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Frankly I am very far from being a generics guru and I have to refactor some code. I have three subclasses: class D, class R, and class S. Each of these classes extend class AbstractA. The goal of the subclasses are quite similar, each has somehow similar code in method m(). So I thought it wouldn´t be bad if I could extract method m() from the subclasses and replace it one level up,(into class AbstractA).

However there is some difference:

Class D works with:

Map<String, Map<BigInteger, BigInteger>> counts = new HashMap<String, Map<BigInteger,BigInteger>>();
Map<String, Map<BigDecimal, Set<BigInteger>>> sums = new HashMap<String, Map<BigDecimal, Set<BigInteger>>>();

class R works with:

Map<String, Map<String, BigInteger>> counts = new HashMap<String, Map<String,BigInteger>>();
Map<String, Map<BigDecimal, Set<String>>> sums = new HashMap<String, Map<BigDecimal, Set<String>>>();

and class S works with:

Map<String, Map<BigInteger, BigInteger>> counts = new HashMap<String, Map<BigInteger,BigInteger>>();
Map<String, Map<BigDecimal, BigInteger>> sums = new HashMap<String, Map<BigDecimal, BigInteger>>();

Any hint is welcome regarding the possible modifications of the above mentioned generics, which can result a more "generic" version.(which can be moved to class AbstractA and still can be used by the three subclasses.)

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Not sure how you can reconcile String with BitInteger... –  assylias Jan 7 '13 at 12:50
    
Maybe a String like 473894790327849328490829042, which can be converted to BigInteger ? –  luiges90 Jan 7 '13 at 12:51
2  
It will be easier to think about this if you show the code for the three implementations of m() that you want to replace. –  Don Roby Jan 7 '13 at 12:54
    
Keep in mind that if someone wants to add a class Q which has a completely different version of m() this solution would become quite a pain for other programmers. –  Floris Velleman Jan 7 '13 at 12:55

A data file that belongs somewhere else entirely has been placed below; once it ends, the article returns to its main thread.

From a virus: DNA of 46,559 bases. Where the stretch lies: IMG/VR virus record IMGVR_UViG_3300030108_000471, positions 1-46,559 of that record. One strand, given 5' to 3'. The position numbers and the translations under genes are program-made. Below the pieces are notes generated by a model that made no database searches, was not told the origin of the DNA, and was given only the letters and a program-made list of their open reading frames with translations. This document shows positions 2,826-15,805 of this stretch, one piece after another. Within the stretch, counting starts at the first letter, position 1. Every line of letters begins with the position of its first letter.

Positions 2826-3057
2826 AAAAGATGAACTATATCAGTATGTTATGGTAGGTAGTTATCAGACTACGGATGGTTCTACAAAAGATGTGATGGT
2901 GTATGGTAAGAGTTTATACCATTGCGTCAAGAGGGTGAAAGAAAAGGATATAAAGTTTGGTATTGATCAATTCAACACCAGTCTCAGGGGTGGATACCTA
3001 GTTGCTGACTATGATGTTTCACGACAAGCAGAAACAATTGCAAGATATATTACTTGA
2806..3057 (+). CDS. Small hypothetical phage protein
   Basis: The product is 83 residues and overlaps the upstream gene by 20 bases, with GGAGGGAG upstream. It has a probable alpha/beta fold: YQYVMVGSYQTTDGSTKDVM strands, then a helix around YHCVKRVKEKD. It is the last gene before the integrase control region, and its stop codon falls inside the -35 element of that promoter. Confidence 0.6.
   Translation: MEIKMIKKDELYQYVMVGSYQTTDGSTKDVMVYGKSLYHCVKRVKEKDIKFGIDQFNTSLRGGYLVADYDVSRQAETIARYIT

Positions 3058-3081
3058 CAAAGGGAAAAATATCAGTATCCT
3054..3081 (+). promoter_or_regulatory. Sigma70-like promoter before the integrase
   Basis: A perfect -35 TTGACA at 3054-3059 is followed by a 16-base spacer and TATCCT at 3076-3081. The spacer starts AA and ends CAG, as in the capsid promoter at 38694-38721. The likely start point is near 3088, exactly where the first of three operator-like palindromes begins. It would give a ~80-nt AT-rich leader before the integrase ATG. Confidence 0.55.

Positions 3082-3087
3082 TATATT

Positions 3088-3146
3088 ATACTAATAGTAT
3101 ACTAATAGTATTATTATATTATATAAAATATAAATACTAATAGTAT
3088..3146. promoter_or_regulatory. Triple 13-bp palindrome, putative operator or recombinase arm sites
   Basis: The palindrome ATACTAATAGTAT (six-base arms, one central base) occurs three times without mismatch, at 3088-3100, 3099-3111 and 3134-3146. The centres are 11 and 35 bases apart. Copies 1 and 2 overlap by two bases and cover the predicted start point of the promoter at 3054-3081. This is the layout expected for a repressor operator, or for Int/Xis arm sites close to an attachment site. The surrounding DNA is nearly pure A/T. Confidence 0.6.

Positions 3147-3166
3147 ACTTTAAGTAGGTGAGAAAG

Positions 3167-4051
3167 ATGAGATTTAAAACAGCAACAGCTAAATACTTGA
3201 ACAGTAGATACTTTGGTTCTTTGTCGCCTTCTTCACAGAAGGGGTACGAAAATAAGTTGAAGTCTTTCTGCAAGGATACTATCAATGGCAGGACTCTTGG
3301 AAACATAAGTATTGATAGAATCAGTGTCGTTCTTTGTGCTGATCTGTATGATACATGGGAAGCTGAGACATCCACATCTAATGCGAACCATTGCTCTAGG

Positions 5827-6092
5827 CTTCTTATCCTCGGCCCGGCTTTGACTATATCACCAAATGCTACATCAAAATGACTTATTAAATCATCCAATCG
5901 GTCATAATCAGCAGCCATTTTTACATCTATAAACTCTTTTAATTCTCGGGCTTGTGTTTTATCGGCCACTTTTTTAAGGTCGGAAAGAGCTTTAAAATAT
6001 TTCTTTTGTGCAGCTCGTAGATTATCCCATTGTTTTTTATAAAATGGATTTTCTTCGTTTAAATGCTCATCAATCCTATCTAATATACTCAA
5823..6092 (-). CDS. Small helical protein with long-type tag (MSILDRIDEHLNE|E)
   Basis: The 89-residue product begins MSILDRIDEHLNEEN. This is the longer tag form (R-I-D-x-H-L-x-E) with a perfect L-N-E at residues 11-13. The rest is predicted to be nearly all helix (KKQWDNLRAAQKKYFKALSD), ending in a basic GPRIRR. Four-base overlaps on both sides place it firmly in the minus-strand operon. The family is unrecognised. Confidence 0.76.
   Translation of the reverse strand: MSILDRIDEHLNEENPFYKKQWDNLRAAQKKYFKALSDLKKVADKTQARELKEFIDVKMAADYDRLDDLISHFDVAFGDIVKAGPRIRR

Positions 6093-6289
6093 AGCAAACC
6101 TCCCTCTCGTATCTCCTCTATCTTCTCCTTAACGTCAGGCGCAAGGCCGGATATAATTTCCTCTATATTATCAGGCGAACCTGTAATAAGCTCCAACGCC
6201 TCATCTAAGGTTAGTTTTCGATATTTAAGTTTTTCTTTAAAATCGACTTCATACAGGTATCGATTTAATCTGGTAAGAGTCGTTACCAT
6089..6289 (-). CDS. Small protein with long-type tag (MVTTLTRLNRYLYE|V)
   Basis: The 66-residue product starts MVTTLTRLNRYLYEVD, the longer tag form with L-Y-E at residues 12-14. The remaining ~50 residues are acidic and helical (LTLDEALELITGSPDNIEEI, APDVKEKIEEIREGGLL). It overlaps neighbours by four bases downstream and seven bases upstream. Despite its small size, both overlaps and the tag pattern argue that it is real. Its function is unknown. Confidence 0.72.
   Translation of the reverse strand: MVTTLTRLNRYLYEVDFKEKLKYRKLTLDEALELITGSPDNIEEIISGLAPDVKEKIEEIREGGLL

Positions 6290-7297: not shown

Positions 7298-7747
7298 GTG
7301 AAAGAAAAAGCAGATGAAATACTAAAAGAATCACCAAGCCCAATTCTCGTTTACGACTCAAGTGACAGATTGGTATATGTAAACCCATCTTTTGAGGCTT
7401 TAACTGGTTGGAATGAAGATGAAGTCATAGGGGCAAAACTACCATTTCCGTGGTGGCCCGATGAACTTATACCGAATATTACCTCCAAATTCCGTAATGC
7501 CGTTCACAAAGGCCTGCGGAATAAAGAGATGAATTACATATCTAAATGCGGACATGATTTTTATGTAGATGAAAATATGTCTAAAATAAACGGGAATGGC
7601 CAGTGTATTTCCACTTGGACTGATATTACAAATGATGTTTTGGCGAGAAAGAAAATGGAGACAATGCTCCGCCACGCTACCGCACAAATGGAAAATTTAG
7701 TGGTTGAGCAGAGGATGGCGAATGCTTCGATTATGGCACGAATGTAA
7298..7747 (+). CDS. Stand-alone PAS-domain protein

@luiges90 I suppose so, but that possibly means that one implementation does some parsing while the other doesn't. This can't be solved with generics only. –  assylias Jan 7 '13 at 12:56

4 Answers 4

up vote 3 down vote accepted
 class AbstractA<T,U> {
    Map<String, Map<T, BigInteger>> counts = new HashMap<String, Map<T,BigInteger>>();
    Map<String, Map<BigDecimal, U>> sums = new HashMap<String, Map<BigDecimal, U>>();
 }
 class AbstractB<T> extends AbstractA<T, Set<T>> {
 }
 class D extends AbstractB<BigInteger> {
 }
 class R extends AbstractB<String> {
 }
 class S extends AbstractA<BigInteger, BigInteger> {
 }
share|improve this answer

You only need two generic parameters:

public abstract class AbstractA<K, V> {
    private Map<String, Map<K, BigInteger>> counts = new HashMap<String, Map<K, BigInteger>>();
    private Map<String, Map<BigDecimal, V>> sums = new HashMap<String, Map<BigDecimal, V>>();

    public void m() {
    }
}


public class D extends AbstractA<BigInteger, Set<BigInteger>> {
}

public class R extends AbstractA<String, Set<String>> {
}

public class S extends AbstractA<BigInteger, BigInteger> {
}
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The first thing you need to do is create some commonality between String and BigInteger . My recommendation is to create a new class that is composed of these two types:

public class Special  
{  
    private String string;  
    private BigInteger bigInt;  
    ...
}  

Now you can change the parameters of your Map like so:

Map<String, Map<Special, BigInteger> ...  

Now you can leave the invocation in each subclass and mark the m function in AbstractA as either abstract or provide an implementation that can be overridden.

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I assume I did something wrong? –  Woot4Moo Jan 7 '13 at 13:01

What about the following implementation?

public abstract class AbstractA<K1, V1, K2, V2> {

    protected Map<String, Map<K1, V1>> counts;
    protected Map<String, Map<K2, V2>> sums;

    public void m() {
        // your factorized code using counts and sums
    }

}

public class D extends AbstractA<BigInteger, BigInteger, BigDecimal, Set<BigInteger>> {

    public D() {
        counts = new HashMap<String, Map<BigInteger, BigInteger>>();
        sums = new HashMap<String, Map<BigDecimal, Set<BigInteger>>>();
    }

}

public class R extends AbstractA<String, BigInteger, BigDecimal, Set<String>> {

    public R() {
        counts = new HashMap<String, Map<String, BigInteger>>();
        sums = new HashMap<String, Map<BigDecimal, Set<String>>>();
    }

}

public class S extends AbstractA<BigInteger, BigInteger, BigDecimal, BigInteger> {

    public S() {
        counts = new HashMap<String, Map<BigInteger, BigInteger>>();
        sums = new HashMap<String, Map<BigDecimal, BigInteger>>();
    }

}
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